Current location
(Inventory) Louvre Museum
Department of Oriental Antiquities, Richelieu wing, ground floor, room 4
Accession number AO 19873 & AO 19874
Credit line Excavations of Paul-Émile Botta, 1843–1844
Source/Photographer Jastrow (2006)
http://commons.wikimedia.org/wiki/File:Sargon_II_and_dignitary.jpg

Pul and Ululâ adopted those of the two famous monarchs of the older Assyrian dynasty, Tiglath-Pileser and Shalmaneser, retaining their original designations only in Babylonia, where the names they had adopted were associated with ideas of hostility and invasion; while Sargon, who claimed to be lord of Babylonia as well as of Assyria, identified himself with the past glories of the ancient kingdom by taking the name of Sargon of Accad.

In 1847 archaeologists discovered a prism of Sargon dated to the early 8th century BC reading: "At the beginning of my royal rule, I…the town of the Samarians I besieged, conquered (2 Lines destroyed) [for the god…] who let me achieve this my triumph… I led away as prisoners [27,290 inhabitants of it (and) equipped from among them (soldiers to man)] 50 chariots for my royal corps…. The town I rebuilt better than it was before and settled therein people from countries which I had conquered. I placed an officer of mine as governor over them and imposed upon them tribute as is customary for Assyrian citizens." (Nimrud Prism IV 25-41) https://theosophical.files.wordpress.com/2011/08/sargon-nimrud-cylinder1.jpg

In 1847 archaeologists discovered a prism of Sargon dated to the early 8th century BC reading:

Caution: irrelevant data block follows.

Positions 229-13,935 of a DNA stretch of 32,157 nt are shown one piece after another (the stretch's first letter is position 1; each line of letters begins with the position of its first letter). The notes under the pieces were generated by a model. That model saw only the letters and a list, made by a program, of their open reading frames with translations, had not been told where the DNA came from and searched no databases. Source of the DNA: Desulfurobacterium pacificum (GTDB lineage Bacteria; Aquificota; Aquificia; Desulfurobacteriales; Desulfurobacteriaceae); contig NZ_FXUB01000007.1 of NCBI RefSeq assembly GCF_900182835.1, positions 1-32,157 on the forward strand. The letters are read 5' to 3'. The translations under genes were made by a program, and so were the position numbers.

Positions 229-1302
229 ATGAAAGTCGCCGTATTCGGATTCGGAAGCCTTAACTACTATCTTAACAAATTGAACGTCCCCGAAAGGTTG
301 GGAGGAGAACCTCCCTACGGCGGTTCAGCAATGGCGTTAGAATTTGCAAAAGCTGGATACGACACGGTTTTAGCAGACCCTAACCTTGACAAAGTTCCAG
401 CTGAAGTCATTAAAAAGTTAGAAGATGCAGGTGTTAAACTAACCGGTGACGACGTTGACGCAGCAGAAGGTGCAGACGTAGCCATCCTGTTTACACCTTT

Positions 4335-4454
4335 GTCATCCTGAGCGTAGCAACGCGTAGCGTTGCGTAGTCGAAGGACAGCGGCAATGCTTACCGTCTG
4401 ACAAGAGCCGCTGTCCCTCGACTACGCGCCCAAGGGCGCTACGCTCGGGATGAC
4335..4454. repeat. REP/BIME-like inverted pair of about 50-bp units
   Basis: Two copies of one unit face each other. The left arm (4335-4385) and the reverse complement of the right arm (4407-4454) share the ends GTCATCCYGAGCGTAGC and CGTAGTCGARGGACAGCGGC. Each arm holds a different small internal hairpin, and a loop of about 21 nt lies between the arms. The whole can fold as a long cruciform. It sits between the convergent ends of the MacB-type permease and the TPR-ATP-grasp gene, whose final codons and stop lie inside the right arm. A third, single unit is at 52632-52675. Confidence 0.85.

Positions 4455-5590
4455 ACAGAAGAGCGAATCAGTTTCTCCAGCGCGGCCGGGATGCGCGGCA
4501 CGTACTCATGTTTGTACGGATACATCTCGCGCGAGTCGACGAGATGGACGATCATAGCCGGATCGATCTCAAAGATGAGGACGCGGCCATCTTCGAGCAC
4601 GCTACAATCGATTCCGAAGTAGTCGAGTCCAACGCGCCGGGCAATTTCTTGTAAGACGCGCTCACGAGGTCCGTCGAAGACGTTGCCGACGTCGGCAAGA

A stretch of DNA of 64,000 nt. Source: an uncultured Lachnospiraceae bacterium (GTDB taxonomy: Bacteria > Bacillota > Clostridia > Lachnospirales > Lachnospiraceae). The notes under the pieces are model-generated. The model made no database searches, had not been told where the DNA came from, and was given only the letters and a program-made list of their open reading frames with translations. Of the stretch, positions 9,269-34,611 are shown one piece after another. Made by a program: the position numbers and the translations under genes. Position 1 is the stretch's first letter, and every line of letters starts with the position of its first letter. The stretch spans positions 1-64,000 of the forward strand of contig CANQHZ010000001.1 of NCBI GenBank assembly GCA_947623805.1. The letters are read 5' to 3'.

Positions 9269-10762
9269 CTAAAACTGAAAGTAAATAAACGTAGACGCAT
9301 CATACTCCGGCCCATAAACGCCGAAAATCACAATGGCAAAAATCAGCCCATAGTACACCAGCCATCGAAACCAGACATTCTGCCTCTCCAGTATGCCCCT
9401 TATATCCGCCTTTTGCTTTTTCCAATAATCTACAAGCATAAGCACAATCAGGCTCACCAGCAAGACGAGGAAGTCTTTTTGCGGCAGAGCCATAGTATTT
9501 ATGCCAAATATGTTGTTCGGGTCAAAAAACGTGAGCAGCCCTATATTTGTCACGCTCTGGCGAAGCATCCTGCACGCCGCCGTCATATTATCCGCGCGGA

“At the beginning of my royal rule, I…the town of the Samarians I besieged, conquered (2 Lines destroyed) [for the god…] who let me achieve this my triumph… I led away as prisoners [27,290 inhabitants of it (and) equipped from among them (soldiers to man)] 50 chariots for my royal corps…. The town I rebuilt better than it was before and settled therein people from countries which I had conquered. I placed an officer of mine as governor over them and imposed upon them tribute as is customary for Assyrian citizens.” (Nimrud Prism IV 25-41)
https://theosophical.files.wordpress.com/2011/08/sargon-nimrud-cylinder1.jpg

The adoption of these time-honoured names of itself conferred legitimacy upon the new claimants of the throne; along with the name they inherited the title and the claim to veneration of those who had borne them.

It must have been for a similar reason that Esar-haddon’s name, according to Sennacherib, was changed to that of Assur-etil-yukin-abla, “Assur the hero has established the son,” “for affection’s sake,” though the prince preferred to retain his earlier appellation of Esar-haddon or Assur-akh-iddina, “Assur has given the brother,” after his accession to the throne.

We are reminded of the records of the Jews, from which we learn that Jedidiah became the Solomon of later history, and the Pharaoh of Egypt “turned the name” of Eliakim into Jehoiakim.”

A.H. Sayce, Lectures on the Origin and Growth of Religion as Illustrated by the Religion of the Ancient Babylonians, 5th ed., London, 1898, pp. 302-4.